The Gemini Solar project was so close to getting fully approved for construction — but the U.S. Bureau of Land Management missed the date to decide the project’s Section 106 permit, which was supposed to be given out in March. Now, Gemini, anticipated to be the largest solar installation in the country upon completion, waits in limbo.
Just as every proposed solar project must go through an environmental impact study, the Section 106 permit is one that evaluates a project’s historic impact. The land proposed for the 690 MW proposed giant is on the Moapa River Indian Reservation, 33 miles northeast of Las Vegas. The concern is over the project’s visual impact on an historic railroad camp, as well as the Old Spanish National Historic Trail.
The Old Spanish National Historic Trail was used by settlers in the 1830s to 1860s to bring goods from Santa Fe, New Mexico, to Los Angeles, California. Along the way, these settlers would also trade with the local Native American groups that they encountered. The trail is lauded for making Santa Fe the hub of the overland continental trade between Mexico and United States, and for the story of two toddlers traversing the trail while packed into mule saddlebags.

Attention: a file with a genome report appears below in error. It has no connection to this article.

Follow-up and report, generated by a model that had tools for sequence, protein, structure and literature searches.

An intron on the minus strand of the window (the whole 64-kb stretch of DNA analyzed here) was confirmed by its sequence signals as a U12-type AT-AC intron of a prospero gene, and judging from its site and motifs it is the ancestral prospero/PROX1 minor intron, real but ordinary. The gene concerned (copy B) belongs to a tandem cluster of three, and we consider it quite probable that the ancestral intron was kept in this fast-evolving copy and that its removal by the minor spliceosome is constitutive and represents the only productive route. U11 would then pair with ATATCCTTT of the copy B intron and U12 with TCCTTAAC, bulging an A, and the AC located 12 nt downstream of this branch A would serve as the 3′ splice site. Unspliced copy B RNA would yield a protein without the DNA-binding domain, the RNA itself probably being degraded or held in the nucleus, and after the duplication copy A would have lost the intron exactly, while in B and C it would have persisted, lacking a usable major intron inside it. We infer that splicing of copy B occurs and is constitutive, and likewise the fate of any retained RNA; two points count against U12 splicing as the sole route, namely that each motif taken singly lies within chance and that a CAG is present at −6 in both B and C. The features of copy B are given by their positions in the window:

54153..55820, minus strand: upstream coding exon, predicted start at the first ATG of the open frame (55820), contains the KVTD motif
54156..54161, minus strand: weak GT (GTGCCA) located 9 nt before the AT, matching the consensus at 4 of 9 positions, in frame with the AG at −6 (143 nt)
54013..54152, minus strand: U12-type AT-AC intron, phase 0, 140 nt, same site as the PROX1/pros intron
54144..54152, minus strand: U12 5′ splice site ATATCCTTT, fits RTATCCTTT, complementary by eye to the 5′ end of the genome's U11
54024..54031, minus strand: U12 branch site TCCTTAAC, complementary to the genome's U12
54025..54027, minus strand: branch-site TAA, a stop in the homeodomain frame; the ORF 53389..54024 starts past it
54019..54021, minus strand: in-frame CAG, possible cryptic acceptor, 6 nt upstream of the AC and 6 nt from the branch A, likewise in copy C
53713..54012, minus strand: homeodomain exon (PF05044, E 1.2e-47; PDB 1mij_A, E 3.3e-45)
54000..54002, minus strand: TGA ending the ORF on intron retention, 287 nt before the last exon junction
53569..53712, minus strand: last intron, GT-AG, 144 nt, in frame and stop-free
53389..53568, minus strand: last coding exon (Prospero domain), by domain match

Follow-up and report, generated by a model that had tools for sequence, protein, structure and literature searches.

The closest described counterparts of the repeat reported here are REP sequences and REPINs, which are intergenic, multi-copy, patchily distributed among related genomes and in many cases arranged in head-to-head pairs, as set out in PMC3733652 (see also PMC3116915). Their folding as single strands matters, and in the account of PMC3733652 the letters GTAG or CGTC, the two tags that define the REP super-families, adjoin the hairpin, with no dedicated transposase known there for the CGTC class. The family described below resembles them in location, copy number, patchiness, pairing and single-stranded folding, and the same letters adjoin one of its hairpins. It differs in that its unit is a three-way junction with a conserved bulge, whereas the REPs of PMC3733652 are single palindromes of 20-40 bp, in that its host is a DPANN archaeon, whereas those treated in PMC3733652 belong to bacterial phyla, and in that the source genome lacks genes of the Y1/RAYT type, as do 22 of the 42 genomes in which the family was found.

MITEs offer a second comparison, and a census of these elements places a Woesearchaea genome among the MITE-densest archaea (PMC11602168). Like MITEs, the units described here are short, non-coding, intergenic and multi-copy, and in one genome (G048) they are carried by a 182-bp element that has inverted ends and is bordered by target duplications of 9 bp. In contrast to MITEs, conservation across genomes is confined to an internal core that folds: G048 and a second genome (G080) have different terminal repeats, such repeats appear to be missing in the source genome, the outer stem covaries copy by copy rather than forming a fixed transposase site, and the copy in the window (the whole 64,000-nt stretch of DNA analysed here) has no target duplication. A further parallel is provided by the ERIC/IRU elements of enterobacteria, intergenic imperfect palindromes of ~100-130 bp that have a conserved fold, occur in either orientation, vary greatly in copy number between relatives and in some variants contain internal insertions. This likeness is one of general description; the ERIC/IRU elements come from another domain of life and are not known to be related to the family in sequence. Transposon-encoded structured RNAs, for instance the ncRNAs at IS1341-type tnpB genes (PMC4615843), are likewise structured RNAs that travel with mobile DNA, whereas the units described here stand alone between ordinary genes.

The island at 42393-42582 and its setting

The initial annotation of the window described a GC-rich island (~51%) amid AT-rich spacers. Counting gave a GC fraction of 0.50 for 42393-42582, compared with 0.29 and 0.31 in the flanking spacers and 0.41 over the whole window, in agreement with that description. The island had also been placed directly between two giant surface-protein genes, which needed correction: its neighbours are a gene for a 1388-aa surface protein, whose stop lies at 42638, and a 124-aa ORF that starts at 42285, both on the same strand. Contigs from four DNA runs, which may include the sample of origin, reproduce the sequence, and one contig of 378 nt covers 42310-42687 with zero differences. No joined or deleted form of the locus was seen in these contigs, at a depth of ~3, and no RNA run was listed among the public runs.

In response to the delay, BLM has shared that the organization can no longer give a timeframe for a decision, but a spokesperson told Reuters that the bureau is working “expeditiously” to finish the work.
Developer Arevia Power shared with Reuters that the project’s permit decision may have been pushed back as a result of the Covid-19 pandemic, but gave no concrete reasoning.
The project is still anticipated to be completed in 2023, and will feature a mammoth 380 MW/1,520 MWh lithium-ion battery, one of the largest known to pv magazine. The project is set to cost $1 billion to construct and will employ nearly 2,400 people at peak construction.